Three CYFS undergraduate research assistants have received a top research poster award from the College of Education and Human Sciences, and the Office of Undergraduate Research at the University of Nebraska–Lincoln.
Laura Domet, Zac Egr and Madison Warrick received the $250 award, which recognizes outstanding posters that were presented at the UNL Spring Research Fair. The award is funded by the College of Education and Human Sciences.
Titled “Setting the Course for Child Development: Parenting Behaviors and the Early Years,” the students’ research is part of CYFS’ Getting Ready study on early childhood development and was facilitated by Susan Sheridan, the study’s principal investigator and CYFS director.
As part of their research, the students watched video recordings of parent-child interactions and coded parenting behaviors, recording positive and negative behaviors on a seven-scale measure. They also collected information from parents about their children’s behaviors in monthly phone interviews.
Together, the students coded nearly 700 tapes—setting the foundation for their research questions: How do parenting behaviors affect children at the end of their first and second years of preschool? And how do those parenting behaviors affect children’s social and behavioral skills at home and school?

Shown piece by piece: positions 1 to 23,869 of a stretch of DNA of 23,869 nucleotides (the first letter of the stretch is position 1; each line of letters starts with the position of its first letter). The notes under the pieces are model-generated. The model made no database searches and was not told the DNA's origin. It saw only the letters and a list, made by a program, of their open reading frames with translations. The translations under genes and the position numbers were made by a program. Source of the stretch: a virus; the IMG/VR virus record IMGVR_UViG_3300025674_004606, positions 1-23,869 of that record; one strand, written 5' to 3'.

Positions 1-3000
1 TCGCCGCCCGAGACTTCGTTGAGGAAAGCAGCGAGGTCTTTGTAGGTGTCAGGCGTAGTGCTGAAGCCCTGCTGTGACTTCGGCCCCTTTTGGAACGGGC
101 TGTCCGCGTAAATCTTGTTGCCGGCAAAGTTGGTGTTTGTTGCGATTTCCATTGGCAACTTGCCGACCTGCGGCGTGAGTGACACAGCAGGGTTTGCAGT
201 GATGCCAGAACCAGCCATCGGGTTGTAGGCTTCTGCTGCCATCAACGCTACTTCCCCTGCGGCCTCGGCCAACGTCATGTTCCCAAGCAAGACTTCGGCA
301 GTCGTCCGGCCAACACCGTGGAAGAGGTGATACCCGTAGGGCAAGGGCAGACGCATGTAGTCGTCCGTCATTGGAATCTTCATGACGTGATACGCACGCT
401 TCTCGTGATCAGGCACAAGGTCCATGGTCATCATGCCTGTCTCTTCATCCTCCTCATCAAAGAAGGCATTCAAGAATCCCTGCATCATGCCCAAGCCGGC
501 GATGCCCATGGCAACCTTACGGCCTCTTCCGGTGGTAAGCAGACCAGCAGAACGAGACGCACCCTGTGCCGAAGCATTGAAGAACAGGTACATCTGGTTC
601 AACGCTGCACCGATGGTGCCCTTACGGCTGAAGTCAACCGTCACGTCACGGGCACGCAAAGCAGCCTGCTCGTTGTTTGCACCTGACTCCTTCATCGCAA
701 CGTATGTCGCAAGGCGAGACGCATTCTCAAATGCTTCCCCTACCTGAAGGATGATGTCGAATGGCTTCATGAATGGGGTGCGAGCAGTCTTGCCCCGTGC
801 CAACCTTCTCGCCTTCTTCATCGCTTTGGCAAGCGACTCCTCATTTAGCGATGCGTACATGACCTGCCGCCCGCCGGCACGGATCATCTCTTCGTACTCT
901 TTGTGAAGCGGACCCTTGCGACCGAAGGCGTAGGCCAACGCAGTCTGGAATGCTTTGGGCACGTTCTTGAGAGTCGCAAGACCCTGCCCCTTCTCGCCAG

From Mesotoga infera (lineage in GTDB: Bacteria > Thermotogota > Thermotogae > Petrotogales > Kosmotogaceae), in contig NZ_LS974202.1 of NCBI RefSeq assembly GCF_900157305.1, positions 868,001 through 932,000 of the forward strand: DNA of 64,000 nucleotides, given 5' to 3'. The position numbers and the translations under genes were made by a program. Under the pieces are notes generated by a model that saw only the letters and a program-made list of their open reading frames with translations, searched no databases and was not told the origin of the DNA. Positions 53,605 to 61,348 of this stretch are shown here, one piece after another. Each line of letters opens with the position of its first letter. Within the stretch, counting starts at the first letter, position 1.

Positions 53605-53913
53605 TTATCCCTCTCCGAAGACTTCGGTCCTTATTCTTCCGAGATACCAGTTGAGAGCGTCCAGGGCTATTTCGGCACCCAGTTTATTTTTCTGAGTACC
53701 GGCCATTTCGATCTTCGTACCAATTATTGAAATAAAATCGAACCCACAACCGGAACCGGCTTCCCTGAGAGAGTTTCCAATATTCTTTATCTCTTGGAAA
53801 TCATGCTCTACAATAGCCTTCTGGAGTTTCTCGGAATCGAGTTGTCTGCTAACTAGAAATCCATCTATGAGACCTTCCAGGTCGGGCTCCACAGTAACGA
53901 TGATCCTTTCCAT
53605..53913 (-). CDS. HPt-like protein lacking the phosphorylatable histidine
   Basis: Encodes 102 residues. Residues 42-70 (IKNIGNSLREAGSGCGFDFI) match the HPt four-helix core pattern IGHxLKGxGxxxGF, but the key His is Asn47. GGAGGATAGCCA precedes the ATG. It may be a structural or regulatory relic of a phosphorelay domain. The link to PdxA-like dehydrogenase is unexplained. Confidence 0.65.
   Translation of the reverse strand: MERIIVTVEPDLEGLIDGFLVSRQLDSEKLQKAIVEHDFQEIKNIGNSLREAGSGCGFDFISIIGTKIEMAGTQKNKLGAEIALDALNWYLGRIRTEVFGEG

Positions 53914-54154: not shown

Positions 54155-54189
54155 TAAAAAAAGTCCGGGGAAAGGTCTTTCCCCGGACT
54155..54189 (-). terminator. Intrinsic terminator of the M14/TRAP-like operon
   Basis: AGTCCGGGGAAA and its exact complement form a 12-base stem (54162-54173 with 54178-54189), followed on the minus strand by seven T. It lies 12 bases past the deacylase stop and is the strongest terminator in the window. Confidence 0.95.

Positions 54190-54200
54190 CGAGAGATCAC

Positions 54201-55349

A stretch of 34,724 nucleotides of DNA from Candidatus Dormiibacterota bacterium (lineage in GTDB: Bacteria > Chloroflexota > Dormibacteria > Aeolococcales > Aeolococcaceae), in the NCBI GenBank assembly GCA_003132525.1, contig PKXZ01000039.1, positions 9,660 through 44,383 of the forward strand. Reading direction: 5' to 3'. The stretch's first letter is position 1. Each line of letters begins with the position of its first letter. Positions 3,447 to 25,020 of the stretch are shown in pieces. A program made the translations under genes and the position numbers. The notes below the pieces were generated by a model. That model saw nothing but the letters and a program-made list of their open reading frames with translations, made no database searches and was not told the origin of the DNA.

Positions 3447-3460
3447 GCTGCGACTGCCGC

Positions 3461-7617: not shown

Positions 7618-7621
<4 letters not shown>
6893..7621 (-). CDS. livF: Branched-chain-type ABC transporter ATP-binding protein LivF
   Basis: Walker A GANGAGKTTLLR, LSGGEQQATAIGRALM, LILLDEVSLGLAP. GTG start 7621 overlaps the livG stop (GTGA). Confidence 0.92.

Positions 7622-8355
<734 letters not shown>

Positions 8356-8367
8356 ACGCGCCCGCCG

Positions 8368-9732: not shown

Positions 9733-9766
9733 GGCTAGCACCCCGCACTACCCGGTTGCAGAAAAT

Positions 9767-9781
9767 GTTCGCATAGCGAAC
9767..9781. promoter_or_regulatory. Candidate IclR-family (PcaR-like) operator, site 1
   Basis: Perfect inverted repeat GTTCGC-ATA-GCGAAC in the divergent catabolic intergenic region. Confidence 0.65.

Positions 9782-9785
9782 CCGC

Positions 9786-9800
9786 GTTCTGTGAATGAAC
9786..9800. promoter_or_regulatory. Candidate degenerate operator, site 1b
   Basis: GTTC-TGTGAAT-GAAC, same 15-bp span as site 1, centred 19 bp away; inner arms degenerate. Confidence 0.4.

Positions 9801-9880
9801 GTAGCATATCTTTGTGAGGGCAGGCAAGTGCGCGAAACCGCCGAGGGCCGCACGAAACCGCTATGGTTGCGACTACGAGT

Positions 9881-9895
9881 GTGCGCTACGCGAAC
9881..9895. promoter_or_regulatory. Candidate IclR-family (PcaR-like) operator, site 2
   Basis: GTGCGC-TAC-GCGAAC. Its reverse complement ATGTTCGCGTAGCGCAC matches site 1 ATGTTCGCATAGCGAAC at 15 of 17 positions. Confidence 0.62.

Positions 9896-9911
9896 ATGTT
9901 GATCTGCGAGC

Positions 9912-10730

“This is really important information, because early behaviors act as predictors for later school success,” said Madison Warrick, a senior majoring in speech pathology.
After graduation, Warrick plans to attend the University of Texas at Dallas and pursue a Master’s degree in speech-language pathology. She also plans to continue working with clients in early childhood while in graduate school.
The knowledge gained from this experience is absolutely applicable to my career, no matter what direction I go.
Madison Warrick, senior
Egr, a senior majoring in psychology and biology, has assisted with research related to the Getting Ready project since the fall of his junior year, giving him a better sense of the coordination and effort that go into a large-scale research project.
“The amount of communication and teamwork required for all these pieces to work together is incredible, and those skills are applicable to any type of work environment,” Egr said.
Egr says his curiosity propelled his research. One question led to another, resulting not just in new research ideas, but also a new appreciation of the contributions of all team members—including undergraduate students.
“In our case, studying the effects that parenting behaviors had on various child outcomes was a very applicable topic that people can use right away,” Egr said. “That helped change my perception of research and the impact that an undergraduate can have.”